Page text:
On his first day in office, President Joe Biden moved to both erase the white supremacist legacy of the previous White House and address injustices that existed long before Donald Trump came to power.
“A cry for racial justice some 400 years in the making moves us. The dream of justice for all will be deferred no longer,” Biden said in his inaugural speech. Racial justice is one of the administration’s top priorities, alongside the pandemic and the economy, he said.
Later in the day, Biden issued an executive order on “Advancing Racial Equity and Support for Underserved Communities Through the Federal Government” to put his pledge into action. The order received scant attention amid a wave of actions from the White House, but it shouldn’t be overlooked. It has the potential to advance the cause of racial justice on several key fronts.
On top of the executive order, the White House’s push to raise the minimum wage would have outsize effects on African Americans, helping to narrow the black-white income gap.
And there’s symbolic change, too: a diverse administration that includes the country’s first Black and Indian American vice president. Biden’s Cabinet is the most racially diverse in history.
Even the currency may get an update: On Monday, the White House announced it’s taking steps to put Harriet Tubman on the $20 bill ― an Obama-era initiative killed by Trump.
What Biden’s doing feels like the delayed policy response to the protests that swept the country last summer after the police killing of George Floyd. At the time, millions of Americans were demanding racial justice, but the federal government was run by a man determined to maintain the status quo.
Erasing Trump’s Most Egregious Actions
The executive order on racial justice erased two of the Trump administration’s most blatantly racist policies. Biden reversed Trump’s move last fall to ban all federal agencies and contractors from conducting any kind of diversity training or programs that dealt with concepts like systemic racism or white privilege. Broad in scope and confusing, the order was widely criticized in the fall. The bottom line was that it arguably prohibited federal workers and contractors from even talking about racism or injustice.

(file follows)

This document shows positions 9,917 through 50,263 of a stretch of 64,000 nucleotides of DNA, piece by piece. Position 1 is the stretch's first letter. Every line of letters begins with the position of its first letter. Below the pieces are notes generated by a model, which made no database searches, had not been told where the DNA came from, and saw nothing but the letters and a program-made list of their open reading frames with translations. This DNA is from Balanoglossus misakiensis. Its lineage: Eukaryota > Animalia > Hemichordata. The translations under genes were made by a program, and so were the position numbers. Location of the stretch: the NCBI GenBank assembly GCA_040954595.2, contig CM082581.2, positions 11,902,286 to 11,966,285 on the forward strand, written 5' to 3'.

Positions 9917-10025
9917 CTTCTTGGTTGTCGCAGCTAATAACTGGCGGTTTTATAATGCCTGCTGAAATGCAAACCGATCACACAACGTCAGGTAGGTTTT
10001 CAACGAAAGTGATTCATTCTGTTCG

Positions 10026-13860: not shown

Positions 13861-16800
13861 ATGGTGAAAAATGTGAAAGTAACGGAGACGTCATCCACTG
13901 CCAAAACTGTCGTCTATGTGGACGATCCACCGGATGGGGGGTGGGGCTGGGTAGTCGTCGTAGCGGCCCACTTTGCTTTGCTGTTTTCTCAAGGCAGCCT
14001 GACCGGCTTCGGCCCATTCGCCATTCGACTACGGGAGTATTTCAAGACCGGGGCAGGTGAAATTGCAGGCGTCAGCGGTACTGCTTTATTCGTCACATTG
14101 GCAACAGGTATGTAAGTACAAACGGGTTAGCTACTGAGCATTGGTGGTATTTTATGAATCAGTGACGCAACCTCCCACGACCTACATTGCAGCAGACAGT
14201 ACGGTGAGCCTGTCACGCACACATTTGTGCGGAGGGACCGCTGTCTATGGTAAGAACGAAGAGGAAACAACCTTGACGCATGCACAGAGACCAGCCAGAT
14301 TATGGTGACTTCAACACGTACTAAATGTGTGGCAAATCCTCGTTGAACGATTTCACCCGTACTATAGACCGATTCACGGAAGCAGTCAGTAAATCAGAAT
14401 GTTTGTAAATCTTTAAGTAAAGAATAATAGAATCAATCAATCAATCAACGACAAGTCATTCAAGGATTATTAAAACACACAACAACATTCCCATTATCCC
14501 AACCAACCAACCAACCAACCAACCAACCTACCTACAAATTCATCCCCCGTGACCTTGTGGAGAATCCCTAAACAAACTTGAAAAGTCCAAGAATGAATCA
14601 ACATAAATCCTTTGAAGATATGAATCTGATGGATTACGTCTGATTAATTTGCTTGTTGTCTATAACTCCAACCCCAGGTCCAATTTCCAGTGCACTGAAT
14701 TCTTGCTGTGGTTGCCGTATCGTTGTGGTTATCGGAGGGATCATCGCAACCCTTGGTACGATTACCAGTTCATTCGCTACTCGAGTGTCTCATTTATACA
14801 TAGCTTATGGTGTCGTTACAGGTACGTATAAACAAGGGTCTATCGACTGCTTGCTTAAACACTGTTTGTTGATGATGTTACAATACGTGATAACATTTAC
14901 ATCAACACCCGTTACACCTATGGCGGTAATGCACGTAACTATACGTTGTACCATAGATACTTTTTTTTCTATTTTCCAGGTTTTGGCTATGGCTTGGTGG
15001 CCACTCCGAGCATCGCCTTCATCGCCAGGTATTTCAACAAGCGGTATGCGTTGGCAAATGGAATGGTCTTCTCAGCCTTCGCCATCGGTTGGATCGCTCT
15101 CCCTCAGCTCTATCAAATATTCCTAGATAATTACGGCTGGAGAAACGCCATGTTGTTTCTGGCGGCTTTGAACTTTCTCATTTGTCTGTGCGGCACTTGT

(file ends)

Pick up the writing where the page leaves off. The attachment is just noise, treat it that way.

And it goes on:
Federal agencies canceled talks, like one on resilience in the LGBTQ community at the Environmental Protection Agency. And some universities also halted certain programs.
Now, with the order rescinded by Biden, such training and seminars can resume. On Friday, the State Department announced it would restart its employee training programs on diversity.
The order also got rid of Trump’s “1776 Commission,” an attempt to whitewash American history by playing down, even excusing, the role of slavery. To turn the screw more, the White House released its report on Martin Luther King Jr. Day.
The orders are a “positive first step,” said Ajmal Quereshi, senior counsel at the NAACP Legal Defense and Educational Fund. The diversity ban was “one of the most damaging things the previous administration did,” Quereshi said. It was an attempt to cement white supremacy in federal policy and beyond.
“By keeping Americans from discussing these basic facts of history, the previous administration hoped to cement the status quo and any disparities that existed in it,” Quereshi said.
But, Quereshi pointed out, the order only tells agencies to “consider” reversing any actions it took based on the Trump policy; it’s still unclear what that will mean in practice. Quereshi said the Legal Defense and Educational Fund is looking into what kinds of changes were put in place because of Trump’s initial ban and whether they are actually being rescinded or rolled back.